Some full assessment sites required over 600 model runs to simulate all possible conditions. As the models required a high spatial and temporal resolution to fully resolve the local conditions, the simulation time required for some of these study sites became over 15 hours per simulation, which created a significant pressure to processing capacity in the delivery timescale. To accommodate the high level of accuracy and number of runs needed, cloud computing was utilised to reduce the run time. For some domains, this meant that run time was reduced from 6 months to 6 weeks using more than 120 virtual computers to automatically progress through required runs, with an accumulated run time of more than 1000 computer days.

 

Conclusions

This was a truly multidisciplinary study. Upon the successful completion the AT was able to provide DCWW with a cost-efficient tool for asset management, and NRW with an enhanced and detailed understanding of WQ issues through 49 compliance assessments. A summary of the findings can be seen in Table 1. This was made possible through dedicated teams undertaking a vast range of work involving literature, model, and data reviews; extensive sampling campaigns; data analyses; and network, hydrodynamic, and water quality modelling. The outputs from the study were delivered on time due to the constant drive for excellence and innovation throughout the Capital Delivery Alliance Team.

 

Although Wales currently achieves the highest Excellent bathing water class at 82 of its 103 designated beaches, and the majority of shellfish waters meet the Long Term B class, the study is helping DCWW identify where future investment could deliver further improvement. Table 1 provides a summary of the preliminary study findings, in terms of where future investment could deliver further improvement to the coastal environment while maintaining affordable bills for DCWW’s customers.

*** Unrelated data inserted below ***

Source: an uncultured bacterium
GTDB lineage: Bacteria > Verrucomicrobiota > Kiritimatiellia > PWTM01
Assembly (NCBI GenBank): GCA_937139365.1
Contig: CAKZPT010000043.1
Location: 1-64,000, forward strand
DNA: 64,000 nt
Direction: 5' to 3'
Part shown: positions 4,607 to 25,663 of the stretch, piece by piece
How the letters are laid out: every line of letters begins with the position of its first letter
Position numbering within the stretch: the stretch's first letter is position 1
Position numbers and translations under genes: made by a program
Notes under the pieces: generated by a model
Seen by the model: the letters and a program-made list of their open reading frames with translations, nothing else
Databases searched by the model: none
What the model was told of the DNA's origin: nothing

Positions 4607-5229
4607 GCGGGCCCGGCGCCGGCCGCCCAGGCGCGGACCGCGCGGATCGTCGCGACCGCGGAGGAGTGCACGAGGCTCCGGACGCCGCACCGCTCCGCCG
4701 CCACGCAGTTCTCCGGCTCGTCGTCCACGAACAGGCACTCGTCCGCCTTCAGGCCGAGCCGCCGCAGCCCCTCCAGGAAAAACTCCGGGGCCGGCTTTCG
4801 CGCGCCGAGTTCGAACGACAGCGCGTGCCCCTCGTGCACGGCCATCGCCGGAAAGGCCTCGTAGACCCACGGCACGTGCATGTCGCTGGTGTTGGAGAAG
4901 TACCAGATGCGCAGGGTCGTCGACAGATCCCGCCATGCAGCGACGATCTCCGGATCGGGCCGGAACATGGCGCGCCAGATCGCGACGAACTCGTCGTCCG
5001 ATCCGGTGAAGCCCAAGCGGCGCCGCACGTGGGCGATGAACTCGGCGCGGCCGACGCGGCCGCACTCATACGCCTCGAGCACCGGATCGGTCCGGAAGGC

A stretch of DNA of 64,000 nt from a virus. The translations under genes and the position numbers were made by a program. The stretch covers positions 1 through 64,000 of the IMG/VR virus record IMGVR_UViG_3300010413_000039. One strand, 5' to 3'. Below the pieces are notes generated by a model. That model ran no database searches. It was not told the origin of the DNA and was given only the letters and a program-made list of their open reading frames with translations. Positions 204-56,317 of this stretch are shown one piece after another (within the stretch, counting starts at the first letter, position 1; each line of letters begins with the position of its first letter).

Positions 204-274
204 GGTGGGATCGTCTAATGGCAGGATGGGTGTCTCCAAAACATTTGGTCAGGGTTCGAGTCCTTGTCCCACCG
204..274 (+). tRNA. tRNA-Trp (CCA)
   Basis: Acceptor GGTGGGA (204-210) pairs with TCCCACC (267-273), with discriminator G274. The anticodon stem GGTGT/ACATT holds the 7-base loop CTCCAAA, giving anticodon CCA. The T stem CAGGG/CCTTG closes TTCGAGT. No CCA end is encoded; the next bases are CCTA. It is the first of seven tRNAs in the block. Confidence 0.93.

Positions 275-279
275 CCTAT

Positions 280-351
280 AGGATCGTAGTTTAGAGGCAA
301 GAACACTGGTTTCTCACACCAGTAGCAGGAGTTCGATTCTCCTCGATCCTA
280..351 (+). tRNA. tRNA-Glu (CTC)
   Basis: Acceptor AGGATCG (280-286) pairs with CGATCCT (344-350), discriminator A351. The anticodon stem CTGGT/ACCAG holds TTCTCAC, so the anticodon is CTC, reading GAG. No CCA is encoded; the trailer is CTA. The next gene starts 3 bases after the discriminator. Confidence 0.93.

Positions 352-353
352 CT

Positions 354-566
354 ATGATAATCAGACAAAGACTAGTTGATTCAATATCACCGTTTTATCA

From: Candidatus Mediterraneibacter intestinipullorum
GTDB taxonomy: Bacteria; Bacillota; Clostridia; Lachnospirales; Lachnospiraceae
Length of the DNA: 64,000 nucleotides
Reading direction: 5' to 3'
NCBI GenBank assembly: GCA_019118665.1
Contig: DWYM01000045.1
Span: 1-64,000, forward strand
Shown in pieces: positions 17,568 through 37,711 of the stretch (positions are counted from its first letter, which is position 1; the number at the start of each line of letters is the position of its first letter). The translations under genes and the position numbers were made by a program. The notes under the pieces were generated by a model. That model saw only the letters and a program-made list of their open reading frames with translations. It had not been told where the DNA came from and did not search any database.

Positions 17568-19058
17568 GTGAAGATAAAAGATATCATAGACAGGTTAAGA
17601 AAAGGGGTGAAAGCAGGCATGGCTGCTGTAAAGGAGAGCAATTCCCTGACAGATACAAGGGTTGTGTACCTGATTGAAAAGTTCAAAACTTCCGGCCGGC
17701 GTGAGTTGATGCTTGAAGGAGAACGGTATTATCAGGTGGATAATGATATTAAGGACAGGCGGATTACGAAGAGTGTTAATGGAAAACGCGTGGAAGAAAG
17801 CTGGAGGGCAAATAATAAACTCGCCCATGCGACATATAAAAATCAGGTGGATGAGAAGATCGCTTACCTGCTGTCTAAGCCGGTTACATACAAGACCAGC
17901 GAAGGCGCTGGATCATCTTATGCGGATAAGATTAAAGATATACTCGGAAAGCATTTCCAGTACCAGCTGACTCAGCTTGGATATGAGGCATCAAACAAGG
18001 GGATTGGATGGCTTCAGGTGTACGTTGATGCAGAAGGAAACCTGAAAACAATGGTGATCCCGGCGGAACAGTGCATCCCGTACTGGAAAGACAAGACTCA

Total number of coastal investigation sites

49

Sites where no new investment is required 1

20

Sites where further monitoring/investigations are required 2

17

Sites where AMP6 investment will deliver improvement 3

6

Sites where maintenance investment is required 4

4

Sites where new asset investment is required 5

2

1. DCWW assets have only a small impact, are currently performing within design, or further improvement would have negligible impact on BW or SW performance.
2. Typically sites where the case for further investment is marginal and further investigation is required to confirm specific impacts and provide a more accurate basis for investment decisions. Further investigations might include: improved network models, additional environmental data; confirmation of effects of AMP6 asset improvements of recent changes in the catchment; more detailed representation of proposed AMP7 improvements.
3. Sites where ongoing AMP6 improvement schemes will deliver higher class or reduced risk of deterioration.
4. Investment to return DCWW assets to as built / as design performance would improve BW or SW performance, or reduce future risk of deterioration.
5. Future investment in DCWW assets would measurably improve BW or SW performance, or reduce future risk of deterioration in BW or SW performance.

Table 1 Preliminary Study Findings

 

The study has currently identified only two sites where future investment by DCWW would deliver significant improvement in receiving water quality at affordable cost. This is typically because water quality is determined by factors not within DCWW’s control, such as diffuse pollution, or recent catchment improvements delivered by DCWW, NRW and local authorities has delivered improved environmental performance. The findings will allow DCWW to make investment decisions for PR19 with greater certainty, providing significant cost savings to DCWW and its customers.

 

The editor and publishers would like to thank Sun Yan Evans, Technical Director, Mark Dives, Project/Programme Manager and Trine Larsen, Hydraulic Modeller, all with Mott MacDonald, and Nick Barcock, Coastal Waters Manager with DCWW, for providing the above article for publication.